Most DIY lovers can agree that shingling the roof sits on the top of their to-do list.
If you haven’t tried it yet, we bet your DIY enthusiast neighbor or friend has already suggested you do the same. But no worries, you can begin right away; there are just some crucial things to keep in mind before you lay hands on the project.
That’s why we’ve compiled this short and quick guide on how to cut shingles. From different tools to the right technique, we have it all.
Now, let’s dive in!
How To Cut Shingles With Different Tools?
In the following sections, we will talk about the various tools and how to cut shingles with them for the best results.
We’d like to start with circular saws, which can be used to cut straight lines on a stack of shingles in certain situations. Generally, a circular saw is used when users need to trim the edges of several shingles at once, especially for downsizing the pieces to fit along the edge of the roof.
In this case, make sure that the saw has a strong and sharp-toothed blade, like the ones used to cut through old nails. Otherwise, it will wear down in no time, even before you can complete the job. You would want to begin by marking the area with a chalk line for the cut and cut through to trim the entire stack.
However, work quickly to prevent the blade from getting too hot while resting against the shingles. Too much heat can melt the tar on the back, thereby rendering them useless.
The common utility knife is perhaps the best choice for cutting standalone shingles. These tools feature a removable, razor-sharp blade that can be adjusted to several lengths before locking into place.
As such, a standard utility knife is good enough to cut through the smooth side of the shingle, but it may become dull rather quickly when used on rough surfaces. To avoid the hassle of frequent blade changes, you may equip the knife with a hook blade for better quality and faster cuts.
Like the standard straight blades, these are typically compatible with most utility knives. While you may pull them straight along the edges for quick cuts, achieving precision with curves may be challenging.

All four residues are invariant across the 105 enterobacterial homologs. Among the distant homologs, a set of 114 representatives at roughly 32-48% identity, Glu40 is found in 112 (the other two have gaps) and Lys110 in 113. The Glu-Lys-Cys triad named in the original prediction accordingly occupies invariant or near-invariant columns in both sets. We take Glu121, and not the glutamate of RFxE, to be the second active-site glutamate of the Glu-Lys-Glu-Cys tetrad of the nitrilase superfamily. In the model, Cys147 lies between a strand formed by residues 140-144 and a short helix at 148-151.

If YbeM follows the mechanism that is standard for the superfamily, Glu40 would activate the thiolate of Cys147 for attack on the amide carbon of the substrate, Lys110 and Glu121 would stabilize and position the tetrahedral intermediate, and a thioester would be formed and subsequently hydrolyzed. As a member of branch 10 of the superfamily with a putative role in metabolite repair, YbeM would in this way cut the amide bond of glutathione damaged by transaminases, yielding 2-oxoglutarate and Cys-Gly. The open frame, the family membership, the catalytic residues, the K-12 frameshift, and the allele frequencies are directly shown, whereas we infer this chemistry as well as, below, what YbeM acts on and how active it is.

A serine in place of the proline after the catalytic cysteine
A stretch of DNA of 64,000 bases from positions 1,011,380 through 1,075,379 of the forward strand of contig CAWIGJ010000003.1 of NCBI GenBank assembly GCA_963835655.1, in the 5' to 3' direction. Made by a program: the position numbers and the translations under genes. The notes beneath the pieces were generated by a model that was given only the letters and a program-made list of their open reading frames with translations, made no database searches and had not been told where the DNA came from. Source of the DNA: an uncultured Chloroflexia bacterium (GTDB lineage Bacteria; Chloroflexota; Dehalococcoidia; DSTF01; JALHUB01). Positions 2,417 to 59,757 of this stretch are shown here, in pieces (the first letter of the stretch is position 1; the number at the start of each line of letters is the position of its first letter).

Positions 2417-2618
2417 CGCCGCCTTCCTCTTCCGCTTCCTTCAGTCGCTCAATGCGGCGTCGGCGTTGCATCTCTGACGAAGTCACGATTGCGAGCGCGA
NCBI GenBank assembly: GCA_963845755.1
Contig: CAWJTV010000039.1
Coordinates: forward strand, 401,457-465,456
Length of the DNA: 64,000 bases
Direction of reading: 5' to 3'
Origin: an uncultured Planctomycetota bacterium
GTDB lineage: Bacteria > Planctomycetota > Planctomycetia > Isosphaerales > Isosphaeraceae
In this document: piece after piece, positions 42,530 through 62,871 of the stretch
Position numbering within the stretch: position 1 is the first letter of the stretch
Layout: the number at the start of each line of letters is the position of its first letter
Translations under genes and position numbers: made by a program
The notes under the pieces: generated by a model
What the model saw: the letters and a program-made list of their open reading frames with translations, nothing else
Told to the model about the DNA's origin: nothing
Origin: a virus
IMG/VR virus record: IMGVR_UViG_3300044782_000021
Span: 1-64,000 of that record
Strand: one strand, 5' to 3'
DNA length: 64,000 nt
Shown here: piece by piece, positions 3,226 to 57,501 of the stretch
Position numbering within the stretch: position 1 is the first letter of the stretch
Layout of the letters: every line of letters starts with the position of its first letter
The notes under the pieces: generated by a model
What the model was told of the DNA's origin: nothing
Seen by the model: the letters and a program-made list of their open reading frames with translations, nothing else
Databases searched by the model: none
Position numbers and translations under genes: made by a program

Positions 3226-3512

Although tip snips are generally used for cutting through metal, these sharp and powerful scissor-like tools are very effective for complex and precise cuts in shingles. If you’re looking to trim the shingles to fit around small vents or pipes, tip snips are a perfect choice.
As opposed to utility knives, these are easy to control and maneuver for avoiding uneven or jagged edges. You can even cut through the shingles in a swift, continuous motion like you’d do while cutting a paper with scissors. Since they are designed for trimming heavy materials, even a dull blade will do a good job, but you may need to put in some extra effort.
How To Cut Asphalt Shingles At The Edge Of The Roof?
Before we answer how to cut shingles at the edge of the roof, here’s a list of things that you should keep in the vicinity:
- Yardstick or ruler
- White chalk
- Hook blade knife
Precise edging marks will invariably contribute to a clean-looking roof, and the best way to ensure this is to first paste the new shingles and then trim them. This will negate the risk of an unevenly edged roof. That’s why we would strongly recommend using only a hook blade knife as other tools like clippers or saws may lead to jagged edges.
On that note, let’s take a look at the steps:
The first step is to inspect the roofline. If it’s straight, then that’s a task done already. However, if there are any irregularities or gaps, you have to cut the shingles to cover the entire thing. This may require extra effort and time.
Grab the yardstick or ruler and place it over the shingle ½-inch beyond the roofline. Many users prefer leaving a ½-inch overlap between the shingle and the roofline, instead of cutting the shingle exactly at the edge. Mark this area with blue chalk.
When you cut along the line, you would be making the shingles even to leave a ½-inch overhang where they extend beyond the edge.
Make sure you extend the chalk line all the way across the edge. Double-check if necessary.
Finally, begin cutting the shingles with the hook blade knife carefully along the chalk line. Take your time with this process until the entire edge has been trimmed. In the case of larger roofs, you may divide the area into small blocks and concentrate on one area at a time for better precision.
Some Additional Tips
Work In A Pattern
If you have ever seen a professional roofing crew at work, you will notice that they start working from the bottom left corner to the right and upward direction (from the eave line to the peak). Furthermore, if you have extra help, you can work simultaneously to fill the eave and field.
Use One Shingle Deck
In the case of using multiple shingle decks, always finish up the first bundle before moving on to the second. This is usually done to reduce the chances of having different colored shingles in the same area.
Use Proper Nails
When securing the shingles to the roof, ensure that the nails are designed for the purpose. Nails made of galvanized steel or corrosion-resistant roofing nails are best suited for this.
With that, we hope our efforts have helped you know more about how to cut shingles.
But before we wrap up the guide, here are two pro-tips: first, blue chalk will rinse off easily from the shingles compared to red chalk. Second, don’t throw away the scraps of shingles. They will help with the patchwork in case some get damaged by wind or snow.